Walgreens Jobs & Careers – Application, How to Apply, Requirements & Interview Tips
Last Updated: October 23rd, 2019 by
Fancy yourself being a little bit of a problem solver? If you know how to advise people to fix everyday issues, from sun burns to colds, a Walgreens job application may be a great move for your career.
Walgreens is America’s foremost drug retailer, offering not just over the counter and prescription drugs, but everything from sunscreen to chips.
They focus on keeping their store looking neat and stable, with the employees focused on their areas of expertise to help the customers.
Working at Walgreens like working in most other retail outlets, except for the fact that many of the people you see will be ill or injured. So if you don’t like being around sick people, this is not the job for you.
If that does sound like the perfect job for you, or if it’s just the closest store to your house, then keep reading and we’ll get you applied to the job that’s a good fit for you.
Most people apply online, through the Walgreens careers website, but some people prefer the simpler way of going into the store and asking for a paper application. Just keep in mind that not all stores will have this in-person option.
- Minimum Age Requirement: You must be at least 16 to work at Walgreens, but many of the positions require a high school diploma or a GED. So, unless you are an early graduate, many locations will not allow you to work for them.
- Hours of Operation: Many Walgreens are open 24/7, so you’ll probably be expected to work the night shift at some point. Some Walgreens are only open 7 AM to 9 PM.
- Methods to Apply: You can apply in-store, on a rare basis, but it is highly preferred that you apply through the Walgreens website.
Go To The Walgreens’ Career website
When you go to apply, you’ll need to apply through Walgreens’ Career website, which is not linked directly from their website. Instead, you can either search for “Job” in the search box at the top of the webpage, or you can just Google it and go directly to their jobs website.
The Welcome button on the Careers home page does not do anything, so don’t do what I did and waste time clicking it. Instead, go to the top of the page, and mouse over the “Career Areas” section and choose “In-Store.”
You can search for jobs without creating an account with them, but the moment that you hunt down a job that you want to apply, the website will take you to an account creation page.
Be Careful When You’re Online On A Public Computer
They use your Social Security number as your login, which seems rather risky to me. Be careful if you’re applying in a public place, such as a library.
You can see an overview of all of the jobs on the “In-Store” page, but we will list the available jobs later in this guide.
Remember, when you are applying for jobs, you can apply for more than one job at once.
Even if it only sort of seems like a position you might like, still apply for it. Just having a chance to get your foot in the door means that you can probably move from that position to one you prefer.
Don’t worry about the assessment portion of the application. That is standard for applications like these, and just answer the questions honestly and you’ll be fine.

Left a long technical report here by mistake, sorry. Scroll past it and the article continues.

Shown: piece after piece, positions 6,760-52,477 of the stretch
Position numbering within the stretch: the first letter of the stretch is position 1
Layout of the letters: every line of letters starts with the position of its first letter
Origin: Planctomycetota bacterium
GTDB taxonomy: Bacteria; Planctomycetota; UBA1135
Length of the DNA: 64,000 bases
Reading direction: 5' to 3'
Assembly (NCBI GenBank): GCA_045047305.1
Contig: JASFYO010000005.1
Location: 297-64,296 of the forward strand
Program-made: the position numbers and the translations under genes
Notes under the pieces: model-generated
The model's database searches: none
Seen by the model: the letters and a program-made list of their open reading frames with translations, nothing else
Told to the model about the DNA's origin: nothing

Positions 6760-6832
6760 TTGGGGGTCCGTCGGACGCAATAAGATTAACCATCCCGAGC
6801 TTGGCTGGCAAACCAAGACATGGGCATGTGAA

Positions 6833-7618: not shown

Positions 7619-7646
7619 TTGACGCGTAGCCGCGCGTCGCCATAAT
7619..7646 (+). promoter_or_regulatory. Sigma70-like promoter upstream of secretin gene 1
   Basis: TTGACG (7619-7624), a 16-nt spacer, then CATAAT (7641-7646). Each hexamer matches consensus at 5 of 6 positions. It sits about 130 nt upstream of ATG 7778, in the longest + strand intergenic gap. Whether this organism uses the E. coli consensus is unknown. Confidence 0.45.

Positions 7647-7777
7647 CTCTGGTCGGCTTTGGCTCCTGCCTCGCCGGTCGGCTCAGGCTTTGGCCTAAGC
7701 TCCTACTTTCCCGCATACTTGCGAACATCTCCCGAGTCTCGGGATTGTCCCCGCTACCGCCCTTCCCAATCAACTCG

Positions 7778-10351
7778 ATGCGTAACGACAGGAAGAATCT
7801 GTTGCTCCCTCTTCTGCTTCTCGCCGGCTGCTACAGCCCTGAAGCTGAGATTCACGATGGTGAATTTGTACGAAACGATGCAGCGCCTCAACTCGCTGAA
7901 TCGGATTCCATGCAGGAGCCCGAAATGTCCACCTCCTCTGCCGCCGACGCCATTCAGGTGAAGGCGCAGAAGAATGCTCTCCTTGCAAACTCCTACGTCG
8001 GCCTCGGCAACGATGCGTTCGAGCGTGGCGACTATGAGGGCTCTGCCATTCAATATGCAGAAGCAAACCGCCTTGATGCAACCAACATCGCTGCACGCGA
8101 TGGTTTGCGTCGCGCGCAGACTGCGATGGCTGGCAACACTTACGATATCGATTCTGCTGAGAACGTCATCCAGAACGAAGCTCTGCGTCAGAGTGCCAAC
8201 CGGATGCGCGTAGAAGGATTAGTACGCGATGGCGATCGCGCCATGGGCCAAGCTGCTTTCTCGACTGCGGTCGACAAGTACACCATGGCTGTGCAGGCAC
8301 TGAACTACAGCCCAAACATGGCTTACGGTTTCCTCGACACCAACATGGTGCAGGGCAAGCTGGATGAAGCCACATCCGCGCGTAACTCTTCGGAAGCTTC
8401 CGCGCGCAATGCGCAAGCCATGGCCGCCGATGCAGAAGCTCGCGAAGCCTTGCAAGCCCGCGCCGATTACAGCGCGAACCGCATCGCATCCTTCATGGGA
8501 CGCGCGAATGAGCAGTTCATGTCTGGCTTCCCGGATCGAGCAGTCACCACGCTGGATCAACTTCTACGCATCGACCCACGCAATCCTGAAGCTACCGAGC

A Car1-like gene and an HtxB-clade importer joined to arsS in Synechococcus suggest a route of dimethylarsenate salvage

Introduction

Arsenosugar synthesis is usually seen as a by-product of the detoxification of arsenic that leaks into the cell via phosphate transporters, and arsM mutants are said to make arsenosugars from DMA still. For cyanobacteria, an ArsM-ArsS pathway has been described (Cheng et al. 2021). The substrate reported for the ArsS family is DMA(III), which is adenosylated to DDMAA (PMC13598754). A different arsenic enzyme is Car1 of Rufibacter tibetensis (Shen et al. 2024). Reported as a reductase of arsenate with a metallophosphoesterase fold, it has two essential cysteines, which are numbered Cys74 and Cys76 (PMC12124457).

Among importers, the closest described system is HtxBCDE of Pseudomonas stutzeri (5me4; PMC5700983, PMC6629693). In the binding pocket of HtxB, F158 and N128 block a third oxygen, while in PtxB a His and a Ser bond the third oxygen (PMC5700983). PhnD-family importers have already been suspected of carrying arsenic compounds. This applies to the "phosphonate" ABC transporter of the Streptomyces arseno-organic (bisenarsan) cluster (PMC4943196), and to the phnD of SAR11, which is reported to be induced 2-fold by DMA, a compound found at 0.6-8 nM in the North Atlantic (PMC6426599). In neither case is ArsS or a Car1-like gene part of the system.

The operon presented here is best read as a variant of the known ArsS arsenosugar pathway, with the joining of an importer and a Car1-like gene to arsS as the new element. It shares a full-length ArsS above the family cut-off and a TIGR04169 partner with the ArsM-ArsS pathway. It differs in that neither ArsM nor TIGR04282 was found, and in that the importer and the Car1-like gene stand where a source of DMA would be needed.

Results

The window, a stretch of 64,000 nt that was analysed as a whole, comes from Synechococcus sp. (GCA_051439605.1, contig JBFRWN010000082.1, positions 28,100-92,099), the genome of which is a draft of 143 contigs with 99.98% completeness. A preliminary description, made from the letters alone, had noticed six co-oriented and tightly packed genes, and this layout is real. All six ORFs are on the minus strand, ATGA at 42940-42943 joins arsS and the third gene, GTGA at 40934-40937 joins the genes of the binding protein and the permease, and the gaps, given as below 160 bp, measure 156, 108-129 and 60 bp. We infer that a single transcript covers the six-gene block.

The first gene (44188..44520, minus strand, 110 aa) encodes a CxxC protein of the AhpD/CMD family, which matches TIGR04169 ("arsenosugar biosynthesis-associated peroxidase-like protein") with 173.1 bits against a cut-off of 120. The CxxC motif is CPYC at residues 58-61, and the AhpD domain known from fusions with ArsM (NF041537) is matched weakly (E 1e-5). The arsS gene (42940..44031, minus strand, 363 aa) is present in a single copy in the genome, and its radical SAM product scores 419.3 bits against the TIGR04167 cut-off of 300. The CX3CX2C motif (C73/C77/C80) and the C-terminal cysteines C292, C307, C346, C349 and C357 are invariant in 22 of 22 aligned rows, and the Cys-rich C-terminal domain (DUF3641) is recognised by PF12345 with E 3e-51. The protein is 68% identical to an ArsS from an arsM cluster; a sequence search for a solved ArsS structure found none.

Should You Follow Up?
Once you create your online account, you can use this at any time to log back in and either check on the status of your completed applications or finish any applications you have left unfinished.
If you applied in the store, the only option you have is to either return to the store a few days later, or to call the store and ask to talk to the manager.
Be aware, though, this will probably not be a good thing as the manager might feel pressured or rushed.
Most Walgreens In-Store opportunities require a high school degree or some equivalent, and if you want to work in the Pharmacy, you’ll need additional schooling in that field.
- Assistant Store Manager Trainee – Studies the store and the manager’s reactions to things in order to learn how to become an Assistant Manager. $16/hr.*
- Beauty Advisor – Works in the makeup department and advises the customers on what makeup would look best of them. $15/hr.
- Home Health Care Sales Consultant – Sells Home Health Care/Durable Health Care items for customers that need them. $16/hr.
- Home Health Care Department Lead – Leads the Home Health Care department and make sure the customers are getting the information they need. $19/hr.
- Pharmacy Intern – Work in the pharmacy under the lead of the Pharmacy Technicians. $13/hr.
- LOOK Boutique Associate – Help the Beauty Advisor plan the perfect look for customers. $16/hr.
- Photo Specialist – Helps develop and print customers’ photos. $9/hr.
- Pharmacy Technician – Fills prescriptions and recommends over-the-counter medication. $15/hr.
- Customer Service Associate – Works the cash register, keeps store clean, helps customers find products. $8/hr.
- Shift Lead – Manages a shift of employees, usually overnight. $16/hr.
- Assistant Manager – Runs the store, keeps it clean, provides reports for the Manager. $18/hr.
- Store Manager – Runs the store, works with Assistant Manager to implement new store policies.
*Walgreens does not list their salaries on their website. These figures are taken from the Bureau of Labor Statistics, Glassdoor.com and Payscale.com averages.
Walgreens has many entry-level positions, but they all require at least a few qualifications (such as a high school degree), so it’s not as easy for teenagers to get a job at this store.
Works with the Pharmacy Technicians and Pharmacist to fill customer prescriptions, packages the prescriptions, works the cash register at the pharmacy to check out customers.
Takes digital camera SD cards and film from the customers and develops photos for them and prints them according to the customer’s requests.
Customer Service Associate
Works with customers to direct them to the proper departments, and provide advice and direction as needed.